Pharmaceutical giant Pfizer (PFE 0.11%) is no stranger to investors; the company is a longtime staple in the healthcare industry. It got a lift in late 2020 and in 2021 as one of the COVID-19 vaccine suppliers, but investors seem to have grown bored with Pfizer's story, and the stock is down about 16% since the start of 2022.

The thing is, investors shouldn't be so quick to write off Pfizer stock. Vaccine revenue will continue trickling in next year, and the company's balance sheet is loaded with cash. Let's look at some of the reasons why Pfizer could be a big winner in 2023 and beyond.

Pfizer's COVID-19 business isn't done yet

Pfizer made billions during the pandemic on the vaccine it developed with BioNTech; you can see below how dominant the company's product was, and only Moderna's vaccine came close in volume of doses. Demand for the vaccine is falling as the population becomes vaccinated and naturally occurring immunity (the body's natural defense after getting sick) becomes more prevalent. The updated booster covering recent virus strains has sold far fewer doses.

COVID-19 vaccine doses administered by manufacturer in the United States.

Image source: Statista

But Pfizer's COVID-19 profits won't dry up overnight; the company has also developed an oral antiviral tab called Paxlovid, which fights the infection to minimize the symptoms of those who get sick. Paxlovid significantly outsold the vaccine in Pfizer's third quarter: $7.5 billion in sales to $4.4 billion.

Investors should look to Pfizer's 2023 guidance to see what expectations look like for 2023, but Paxlovid could outsell the vaccine throughout 2023. It's easily distributable and can be stored at room temperature, unlike the vaccine, which requires cold storage. Pfizer's COVID-19 products will probably fade eventually, but they're likely to do so slowly rather than dry up overnight.

More to Pfizer than COVID-19 products

And don't forget that Pfizer was a pharmaceutical force before the pandemic. The company has a robust pipeline of products in development, plus recent acquisitions like Biohaven, a $11.6 billion buy that closed in early October. Management has guided long-term revenue growth that could include $20 billion from new products by the decade's end.

While Pfizer's pandemic business won't last forever, the financial windfall that resulted could spark the company for years to come. Pfizer's free cash flow exploded during the pandemic, leading to a massive $36 billion cash hoard and a debt-to-EBITDA ratio that plummeted to just 1.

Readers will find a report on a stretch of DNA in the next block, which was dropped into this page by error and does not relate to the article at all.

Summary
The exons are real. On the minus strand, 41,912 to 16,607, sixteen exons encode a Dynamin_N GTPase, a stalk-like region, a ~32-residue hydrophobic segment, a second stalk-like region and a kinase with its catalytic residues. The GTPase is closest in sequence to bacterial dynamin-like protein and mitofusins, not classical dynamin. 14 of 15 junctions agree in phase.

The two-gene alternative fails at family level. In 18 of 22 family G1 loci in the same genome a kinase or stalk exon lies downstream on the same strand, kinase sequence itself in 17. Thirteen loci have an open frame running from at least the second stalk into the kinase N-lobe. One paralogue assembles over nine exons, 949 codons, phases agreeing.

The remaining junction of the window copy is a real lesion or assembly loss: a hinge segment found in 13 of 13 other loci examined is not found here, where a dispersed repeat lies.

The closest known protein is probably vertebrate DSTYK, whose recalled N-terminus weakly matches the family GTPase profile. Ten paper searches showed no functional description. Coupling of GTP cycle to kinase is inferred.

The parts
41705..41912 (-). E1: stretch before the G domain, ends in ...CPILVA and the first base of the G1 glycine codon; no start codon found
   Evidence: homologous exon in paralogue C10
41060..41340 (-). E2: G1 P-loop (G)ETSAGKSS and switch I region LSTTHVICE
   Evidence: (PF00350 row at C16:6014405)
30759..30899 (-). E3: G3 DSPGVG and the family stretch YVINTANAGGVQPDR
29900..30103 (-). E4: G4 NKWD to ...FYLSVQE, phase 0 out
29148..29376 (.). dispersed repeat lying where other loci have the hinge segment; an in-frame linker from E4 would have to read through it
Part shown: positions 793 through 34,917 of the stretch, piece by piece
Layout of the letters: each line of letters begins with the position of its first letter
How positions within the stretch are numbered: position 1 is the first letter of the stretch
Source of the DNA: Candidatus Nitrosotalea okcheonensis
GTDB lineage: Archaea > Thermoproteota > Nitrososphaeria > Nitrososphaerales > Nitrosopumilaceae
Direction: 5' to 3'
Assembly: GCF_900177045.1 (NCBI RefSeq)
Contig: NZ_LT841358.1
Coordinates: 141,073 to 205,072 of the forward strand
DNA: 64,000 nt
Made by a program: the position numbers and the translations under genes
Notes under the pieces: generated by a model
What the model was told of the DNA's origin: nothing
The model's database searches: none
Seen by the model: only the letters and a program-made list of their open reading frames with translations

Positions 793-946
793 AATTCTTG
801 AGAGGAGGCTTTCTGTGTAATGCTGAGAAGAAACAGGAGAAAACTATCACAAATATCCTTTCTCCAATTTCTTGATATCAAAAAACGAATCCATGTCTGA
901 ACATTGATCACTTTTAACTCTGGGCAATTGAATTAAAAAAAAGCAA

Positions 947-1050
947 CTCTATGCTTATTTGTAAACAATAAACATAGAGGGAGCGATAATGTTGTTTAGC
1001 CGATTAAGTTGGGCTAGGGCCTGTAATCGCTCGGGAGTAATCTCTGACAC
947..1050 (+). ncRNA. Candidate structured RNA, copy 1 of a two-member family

PFE Free Cash Flow Chart

PFE Free Cash Flow data by YCharts

The size of your war chest matters in the pharmaceutical industry, and Pfizer's deep pockets can translate to shareholder value through new product development, future acquisitions, dividends, and share repurchases.

Pfizer's fall doesn't make sense

Analysts remain optimistic that Pfizer's bottom line will keep growing as COVID-19 revenue fades; estimates call for earnings-per-share (EPS) growth averaging 12% annually over the next three to five years. But the stock got caught up in the bear market; shares are down in 2022 and the stock's performance trails the top- and bottom-line growth the company has seen since 2020. In other words, the stock's valuation got less expensive.

PFE Revenue (TTM) Chart

PFE Revenue (TTM) data by YCharts

Now at a price-to-earnings ratio (P/E) of 9.5, the stock trades at a hefty discount to its median P/E over the past 10 years of 17. The stock could rise for several reasons, such as investors becoming convinced that COVID-19 revenue will remain solid in 2023 or the market becoming more positive.

A stock's fundamentals, like financial performance and growth, influence the share price eventually. Pfizer's business is growing faster than its share price, and the company's flush with the most cash it's had in a long time. Nothing is guaranteed in investing, but it's hard not to like Pfizer's setup heading into 2023.